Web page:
Blast from the past

Parental nostalgia made safe for kids.


directed by Raja Gosnell with Matthew Lillard, Freddie Prinze Jr., and Sarah Michelle Gellar opens June 14 at Majestic Bay, Metro, Oak Tree, and others

FOR ALL INTENTS and purposes, this live-action adaptation of the TV kiddie cartoon—complete with a jiving, snickering, farting, belching, CGI-generated Scooby—should've been akin to George Lucas releasing Jar Jar's Spring Break: Mesa in Big Doo-Doo. Yet somehow, Raja Gosnell, the wizard behind Big Momma's House and Home Alone 3, has constructed a moderately tasteful, pastel, modern landscape for the Mystery Machine squad (first televised in 1969).

The casting of that crew—preppie egotist Fred, bombshell Daphne, smarty-pants Velma, and comic-relief cowards Shaggy and Scooby—warrants far more analysis than anything in the so-rudimentary-it's-complex plot. (Our heroes are invited to the college resort Spooky Island to determine why the throngs of Greek beachgoers are, ha-ha, suddenly behaving like zombies.)

If constructing a human facsimile of a Hanna-Barbera cartoon character is the apex of dramatic prowess, well, screw Crowe and Hanks. Scream's insufferable Matthew Lillard has thrown an early Oscar gauntlet for his portrayal of conflicted hippie carnivore Shaggy. He makes gold of the PG script's few adult opportunities, as when Shaggy learns the name of an attractive single-serving friend: "Mary Jane?! That's my favorite name!"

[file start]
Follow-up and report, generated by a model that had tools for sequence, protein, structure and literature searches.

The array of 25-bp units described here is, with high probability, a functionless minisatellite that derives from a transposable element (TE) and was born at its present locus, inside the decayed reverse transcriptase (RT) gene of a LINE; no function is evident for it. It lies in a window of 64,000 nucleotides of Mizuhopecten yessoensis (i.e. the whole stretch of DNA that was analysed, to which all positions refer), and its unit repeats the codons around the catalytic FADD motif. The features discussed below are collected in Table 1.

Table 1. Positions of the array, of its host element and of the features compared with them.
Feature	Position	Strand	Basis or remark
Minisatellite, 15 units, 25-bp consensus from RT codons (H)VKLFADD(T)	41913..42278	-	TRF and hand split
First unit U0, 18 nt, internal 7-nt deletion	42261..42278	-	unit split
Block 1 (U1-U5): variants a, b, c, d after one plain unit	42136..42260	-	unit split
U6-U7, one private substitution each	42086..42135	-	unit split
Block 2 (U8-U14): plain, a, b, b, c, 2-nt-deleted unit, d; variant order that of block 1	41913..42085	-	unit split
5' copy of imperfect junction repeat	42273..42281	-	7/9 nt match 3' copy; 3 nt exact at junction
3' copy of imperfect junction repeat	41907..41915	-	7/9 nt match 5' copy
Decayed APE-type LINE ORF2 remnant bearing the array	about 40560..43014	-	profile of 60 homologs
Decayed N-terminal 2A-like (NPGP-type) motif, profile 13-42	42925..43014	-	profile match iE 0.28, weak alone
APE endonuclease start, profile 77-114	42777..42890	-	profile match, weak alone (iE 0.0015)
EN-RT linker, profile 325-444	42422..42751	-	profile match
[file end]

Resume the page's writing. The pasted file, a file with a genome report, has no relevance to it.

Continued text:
Less fortunate are insufferable-in-their-own-inimitable-way real-life couple Sarah Michelle Gellar (Daphne) and Freddie Prinze Jr. (Fred), who fail to squeak sexual tension into their bimbo/himbo catfights. Immensely likable Freaks and Geeks alumna Linda Cardellini lends welcome intellectual credence and charm to bookish Velma, but we get no reference to her reputed lesbianism other than a too-brief scene where she playfully tries to "scare the patooties off of Daphne."

The Mystery, Inc. crew is knee-deep in acrimony, since telegenic Fred takes all the credit for their successful detective ventures, which adds a general, pervasive bitchiness to the catchphrases. The theme-park sets and monsters are pure The Nightmare Before Christmas, which should scare the crap out of some preschoolers and entrance the rest of us looking for a reprieve from the nonstop, bass-heavy pop soundtrack. As for Scooby, he looks less realistic than the Attack of the Clones creatures—if that's possible— yet he regularly outsmarts creepy Spooky Island proprietor Rowan Atkinson (inexplicably forgiven for Bean and Rat Race).

So who's the unmasked, embittered villain at the end who would've gotten away with it, if it weren't for those meddling kids? That's the true Scooby Snack in this surprisingly edible summertime Happy Meal.

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